where it fell, lapped at cat-tongued
by remnant winds, as if licking clots, in blood.
To uproot an egret,
dry what you might have thought
to wet. Let bare dirt, or the worst
dry sands, auguring how many months’ thirst,
have place. Let the great bird treelike
topple, but upward, so that when these
large soft leaves fall, this too is a raining
up, an invert justice, a hail of farewell,
a drift on a draft: twin thin sticks
each scarcely more than stalk,
the gliding away far, a last letter simply writ
on two facing pages of white.
—Dennis Brutus, b. 1924, Zimbabwe
Sleep well, my love, sleep well:
the harbour lights glaze over restless docks,
police cars cockroach through the tunnel streets
from the shanties creaking iron-sheets
violence like a bug-infested rag is tossed
and fear is immanent as sound in the wind-swung bells;
the long day's anger pants from sand and rocks;
but for this breathing night at least,
my land, my love, sleep well.
SnakeWatch: What's New from Rattlesnake Press:
Rattlesnake Review: The latest issue (#20) is currently available at The Book Collector, or send me two bux and I'll mail you one. Deadline for RR21 is February 15: send 3-5 poems, smallish art pieces and/or photos (no bio, no cover letter, no simultaneous submissions or previously-published poems) to email@example.com or P.O. Box 762, Pollock Pines, CA 95726. E-mail attachments are preferred, but be sure to include all contact info, including snail address. Meanwhile, the snakes of Medusa are always hungry; let us know if your submission is for the Review or for Medusa, or for either one.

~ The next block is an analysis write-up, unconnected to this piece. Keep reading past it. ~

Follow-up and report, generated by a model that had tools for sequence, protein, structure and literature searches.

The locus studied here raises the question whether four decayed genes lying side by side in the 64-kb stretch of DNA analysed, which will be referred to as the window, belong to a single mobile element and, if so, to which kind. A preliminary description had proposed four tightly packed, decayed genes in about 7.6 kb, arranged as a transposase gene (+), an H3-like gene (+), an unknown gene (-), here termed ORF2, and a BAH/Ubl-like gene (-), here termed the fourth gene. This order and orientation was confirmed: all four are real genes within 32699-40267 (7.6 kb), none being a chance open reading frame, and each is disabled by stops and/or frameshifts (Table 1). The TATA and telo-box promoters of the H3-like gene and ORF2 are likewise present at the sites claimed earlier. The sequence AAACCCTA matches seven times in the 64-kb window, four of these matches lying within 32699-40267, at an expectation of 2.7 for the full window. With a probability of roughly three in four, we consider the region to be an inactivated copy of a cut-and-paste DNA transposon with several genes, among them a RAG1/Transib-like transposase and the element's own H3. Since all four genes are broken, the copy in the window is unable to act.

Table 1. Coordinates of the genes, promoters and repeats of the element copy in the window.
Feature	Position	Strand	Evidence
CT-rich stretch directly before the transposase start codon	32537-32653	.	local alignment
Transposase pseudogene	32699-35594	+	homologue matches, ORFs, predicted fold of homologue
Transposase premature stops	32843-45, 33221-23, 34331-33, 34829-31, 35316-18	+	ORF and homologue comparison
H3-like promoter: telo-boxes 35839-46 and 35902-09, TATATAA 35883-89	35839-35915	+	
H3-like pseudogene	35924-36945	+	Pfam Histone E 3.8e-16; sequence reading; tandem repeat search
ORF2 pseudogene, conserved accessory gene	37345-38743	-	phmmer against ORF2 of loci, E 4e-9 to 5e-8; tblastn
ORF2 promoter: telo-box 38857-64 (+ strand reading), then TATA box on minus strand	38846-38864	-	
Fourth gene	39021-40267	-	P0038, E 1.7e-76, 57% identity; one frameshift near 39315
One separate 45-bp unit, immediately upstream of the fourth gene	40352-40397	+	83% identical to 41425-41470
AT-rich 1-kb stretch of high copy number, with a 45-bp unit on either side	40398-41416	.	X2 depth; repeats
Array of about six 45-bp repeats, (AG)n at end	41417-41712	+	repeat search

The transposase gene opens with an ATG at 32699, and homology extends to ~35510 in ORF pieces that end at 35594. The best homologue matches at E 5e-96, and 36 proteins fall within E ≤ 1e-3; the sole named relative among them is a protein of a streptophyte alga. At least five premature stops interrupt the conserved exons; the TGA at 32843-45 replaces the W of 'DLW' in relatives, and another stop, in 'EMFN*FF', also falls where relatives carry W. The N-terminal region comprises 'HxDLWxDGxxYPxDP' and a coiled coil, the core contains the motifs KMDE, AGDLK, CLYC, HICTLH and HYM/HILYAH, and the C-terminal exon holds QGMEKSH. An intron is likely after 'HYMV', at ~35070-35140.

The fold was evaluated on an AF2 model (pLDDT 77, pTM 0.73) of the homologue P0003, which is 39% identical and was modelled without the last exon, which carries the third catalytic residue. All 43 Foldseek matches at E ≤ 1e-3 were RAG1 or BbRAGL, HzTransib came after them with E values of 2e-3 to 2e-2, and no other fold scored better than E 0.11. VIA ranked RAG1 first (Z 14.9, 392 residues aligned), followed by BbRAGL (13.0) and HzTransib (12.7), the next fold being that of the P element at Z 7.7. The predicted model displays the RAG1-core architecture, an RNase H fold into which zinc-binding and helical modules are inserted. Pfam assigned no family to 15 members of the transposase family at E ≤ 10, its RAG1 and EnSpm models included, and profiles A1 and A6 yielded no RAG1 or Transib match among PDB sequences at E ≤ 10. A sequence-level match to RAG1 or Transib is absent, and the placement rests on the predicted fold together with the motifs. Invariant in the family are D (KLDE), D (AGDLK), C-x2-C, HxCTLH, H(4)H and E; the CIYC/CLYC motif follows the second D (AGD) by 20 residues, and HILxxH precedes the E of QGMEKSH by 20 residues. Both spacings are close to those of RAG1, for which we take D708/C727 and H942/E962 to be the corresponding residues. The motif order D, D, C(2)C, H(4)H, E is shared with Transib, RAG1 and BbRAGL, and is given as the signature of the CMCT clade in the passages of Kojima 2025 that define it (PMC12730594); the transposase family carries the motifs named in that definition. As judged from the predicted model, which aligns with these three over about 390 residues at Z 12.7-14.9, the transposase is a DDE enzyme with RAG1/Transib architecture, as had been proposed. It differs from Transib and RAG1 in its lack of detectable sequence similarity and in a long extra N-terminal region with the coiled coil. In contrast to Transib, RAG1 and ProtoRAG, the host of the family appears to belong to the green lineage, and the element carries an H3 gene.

Also available (free): littlesnake broadside #46: Snake Secrets: Getting Your Poetry Published in Rattlesnake Press (and lots of other places, besides!): A compendium of ideas for brushing up on your submissions process so as to make editors everywhere more happy, thereby increasing the likelihood of getting your poetry published. Pick up a copy at The Book Collector or write to me and I'll send you one. Free!
Coming in February: On Weds., February 11, Rattlesnake Press will be releasing a new rattlechap from Sacramento's Poet Laureate, Julia Connor (Oar); a littlesnake broadside from Josh Fernandez (In The End, It’s A Worthless Machine); and the premiere of our new Rattlesnake Reprints, featuring The Dimensions of the Morning by D.R. Wagner, which was first published by Black Rabbit Press in 1969. That’s February 11 at The Book Collector, 1008 24th St., Sacramento, 7:30 PM. Refreshments and a read-around will follow; bring your own poems or somebody else’s.